Sunday, February 01, 2009

How to watch the Super Bowl.

As any true sports aficionado will tell you, it's impossible to appreciate a major event like the Super Bowl without a keen understanding of the emotional and attitudinal factors that dictate the outcome of every single game situation, including the opening coin flip. (Who can forget last year, when Giants' co-captain Michael Strahan explained with a shrug that the New York team lost the coin flip because "They just wanted it more than we did, I guess.") In order to enhance your viewing enjoyment of this year's event, I hereby provide a succinct primer in the nuances of the so-called mental game.

[PHOTO, left: A rare shot of a momentum exchange taking place at midfield]

Realize first that an athlete competing at the Super Bowl level is well versed in the potent psychodynamics of winning, as preached by coaches and broadcasters everywhere. He's aware that there's no I in team, yet can personally carry the team on his back when that becomes necessary. He stays within himself and also knows how to stretch. This athlete understands that fine line between being supremely confident (which is good)—and being overconfident (which is bad). He goes into competition with a clear mind as well as intense mental focus, and though he recognizes that winning is everything, he never worries about losing. He has master
ed the art of pacing himself while also giving 110 percent at all times...and still has another gear left if he needs it. This competitor is both fiery and composed, patient and hungry.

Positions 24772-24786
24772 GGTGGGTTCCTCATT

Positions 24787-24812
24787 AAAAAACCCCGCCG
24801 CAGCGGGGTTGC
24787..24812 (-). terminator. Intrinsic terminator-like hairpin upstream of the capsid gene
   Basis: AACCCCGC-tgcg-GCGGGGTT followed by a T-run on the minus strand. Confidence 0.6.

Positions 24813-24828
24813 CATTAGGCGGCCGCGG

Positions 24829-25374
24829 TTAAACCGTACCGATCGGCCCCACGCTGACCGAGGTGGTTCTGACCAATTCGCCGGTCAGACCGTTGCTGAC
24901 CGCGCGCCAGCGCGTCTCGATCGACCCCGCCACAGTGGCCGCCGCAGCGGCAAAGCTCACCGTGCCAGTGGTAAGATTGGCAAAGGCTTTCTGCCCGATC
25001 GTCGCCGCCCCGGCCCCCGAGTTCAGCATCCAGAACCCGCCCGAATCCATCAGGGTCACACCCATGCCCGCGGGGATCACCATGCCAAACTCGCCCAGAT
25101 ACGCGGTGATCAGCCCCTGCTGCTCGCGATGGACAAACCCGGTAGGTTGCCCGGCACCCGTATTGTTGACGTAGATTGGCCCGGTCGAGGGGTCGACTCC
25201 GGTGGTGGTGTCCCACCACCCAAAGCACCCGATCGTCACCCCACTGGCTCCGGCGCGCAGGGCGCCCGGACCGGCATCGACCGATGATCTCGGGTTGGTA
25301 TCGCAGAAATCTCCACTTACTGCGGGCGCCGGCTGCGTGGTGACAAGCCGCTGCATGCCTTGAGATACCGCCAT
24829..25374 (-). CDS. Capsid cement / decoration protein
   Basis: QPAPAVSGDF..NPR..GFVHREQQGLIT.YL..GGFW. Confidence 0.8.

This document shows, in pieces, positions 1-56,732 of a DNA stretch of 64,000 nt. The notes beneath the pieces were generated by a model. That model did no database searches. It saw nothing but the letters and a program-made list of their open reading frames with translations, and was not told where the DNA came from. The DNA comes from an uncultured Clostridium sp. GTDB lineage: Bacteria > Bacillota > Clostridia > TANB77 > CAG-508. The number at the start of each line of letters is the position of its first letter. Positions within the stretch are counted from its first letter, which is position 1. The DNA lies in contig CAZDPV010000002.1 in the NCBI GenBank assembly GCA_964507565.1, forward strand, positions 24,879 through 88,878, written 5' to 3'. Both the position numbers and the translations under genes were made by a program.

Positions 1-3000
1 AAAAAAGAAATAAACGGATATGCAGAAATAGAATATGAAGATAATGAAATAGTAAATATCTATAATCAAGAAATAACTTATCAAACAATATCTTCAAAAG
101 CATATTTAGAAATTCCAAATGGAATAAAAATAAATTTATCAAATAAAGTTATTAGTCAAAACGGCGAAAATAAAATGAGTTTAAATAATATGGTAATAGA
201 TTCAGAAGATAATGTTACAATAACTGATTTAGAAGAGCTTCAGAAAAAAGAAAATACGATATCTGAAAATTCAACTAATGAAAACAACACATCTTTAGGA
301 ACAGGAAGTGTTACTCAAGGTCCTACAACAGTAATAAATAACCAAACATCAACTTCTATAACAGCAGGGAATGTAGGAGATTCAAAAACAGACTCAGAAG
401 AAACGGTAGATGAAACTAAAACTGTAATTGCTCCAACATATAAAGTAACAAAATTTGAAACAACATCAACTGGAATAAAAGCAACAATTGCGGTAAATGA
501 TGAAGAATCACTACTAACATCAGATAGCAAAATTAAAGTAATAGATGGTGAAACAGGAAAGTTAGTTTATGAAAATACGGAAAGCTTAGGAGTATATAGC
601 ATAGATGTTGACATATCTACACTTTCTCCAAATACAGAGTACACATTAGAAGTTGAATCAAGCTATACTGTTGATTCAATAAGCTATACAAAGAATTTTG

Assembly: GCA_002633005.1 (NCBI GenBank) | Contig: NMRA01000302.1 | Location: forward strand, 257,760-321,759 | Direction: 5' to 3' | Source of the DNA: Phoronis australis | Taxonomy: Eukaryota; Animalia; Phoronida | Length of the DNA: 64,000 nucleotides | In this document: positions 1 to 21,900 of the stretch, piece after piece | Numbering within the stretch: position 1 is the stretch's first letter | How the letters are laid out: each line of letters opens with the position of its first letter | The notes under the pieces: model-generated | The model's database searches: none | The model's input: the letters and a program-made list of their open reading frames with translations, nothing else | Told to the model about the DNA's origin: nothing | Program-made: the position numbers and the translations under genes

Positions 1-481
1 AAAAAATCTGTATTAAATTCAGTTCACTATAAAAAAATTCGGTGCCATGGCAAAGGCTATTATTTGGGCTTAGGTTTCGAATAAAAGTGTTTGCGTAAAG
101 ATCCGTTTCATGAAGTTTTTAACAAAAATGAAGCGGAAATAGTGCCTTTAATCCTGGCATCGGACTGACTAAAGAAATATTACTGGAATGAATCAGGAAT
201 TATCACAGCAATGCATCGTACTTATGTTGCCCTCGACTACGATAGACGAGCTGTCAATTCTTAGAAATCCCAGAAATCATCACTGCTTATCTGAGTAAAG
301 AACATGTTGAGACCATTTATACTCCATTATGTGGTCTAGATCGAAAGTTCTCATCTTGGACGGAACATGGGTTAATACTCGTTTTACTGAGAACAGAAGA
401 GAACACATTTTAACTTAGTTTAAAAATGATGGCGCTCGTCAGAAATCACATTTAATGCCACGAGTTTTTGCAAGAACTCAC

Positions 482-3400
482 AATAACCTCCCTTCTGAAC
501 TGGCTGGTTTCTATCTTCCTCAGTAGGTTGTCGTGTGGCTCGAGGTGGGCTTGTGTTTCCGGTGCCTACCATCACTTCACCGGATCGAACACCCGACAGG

The Super Bowl being the Super Bowl, fans can rest assured that teams will be in the zone, not looking ahead to next week. Surely in this one game, players will leave it all on the field. (NOTE: The NFL employs specially trained crews to come to the stadium Monday morning and pick it all up again. It is then mailed back to players during the off-season.) From the moment the athletes run onto the gridiron, they're out to make a statement—although some teams prefer to let the other team make its statement first, so they can then answer with authority in the hopes of leaving their opponent back on their heels and intimidated.

By league rule, every NFL game must feature at least one momentum shift. Befitting it
s name, this is an epochal development wherein the team that seemed to have things well in hand suddenly turns the ball over at an inopportune moment, thereby allowing the other team back in. (The epidemiology of momentum, whereby it spreads from player to player or team to team, thus enabling athletes and coaches to control all variables known and unknown, remains obscure. Some say it's a strain of Ebola.) Momentum shifts are not, however, infallible. They can be undone by a loss of poise, an umbrella term for any number of back-breaking miscues on the part of a team that—having been handed the momentum—fails to deliver. (Mistakes in this category are unforgivable at this climactic point in the season, which is why high-level discussions are underway to penalize loss of poise with a loss of down.)

If the game is close and circumstances afford one of the teams a last chance to seize its destiny, the stage is set for another time-honored phenomenon: the gut check. This requires players to reach deep inside themselves in order to ascertain what they're made of. (NO
TE: While they're in there, players often use this opportunity to look for that other gear.) In keeping with a recent trend involving the commercial marketing of all discrete moments in any given contest ("This kickoff brought to you by..."), Super Bowl XLIII's gut check reportedly will be sponsored by either a PSA for prostate screening or an ad from Pepto-Bismol, which, of course, some years ago paid a significant sum for the naming rights to fire in the belly.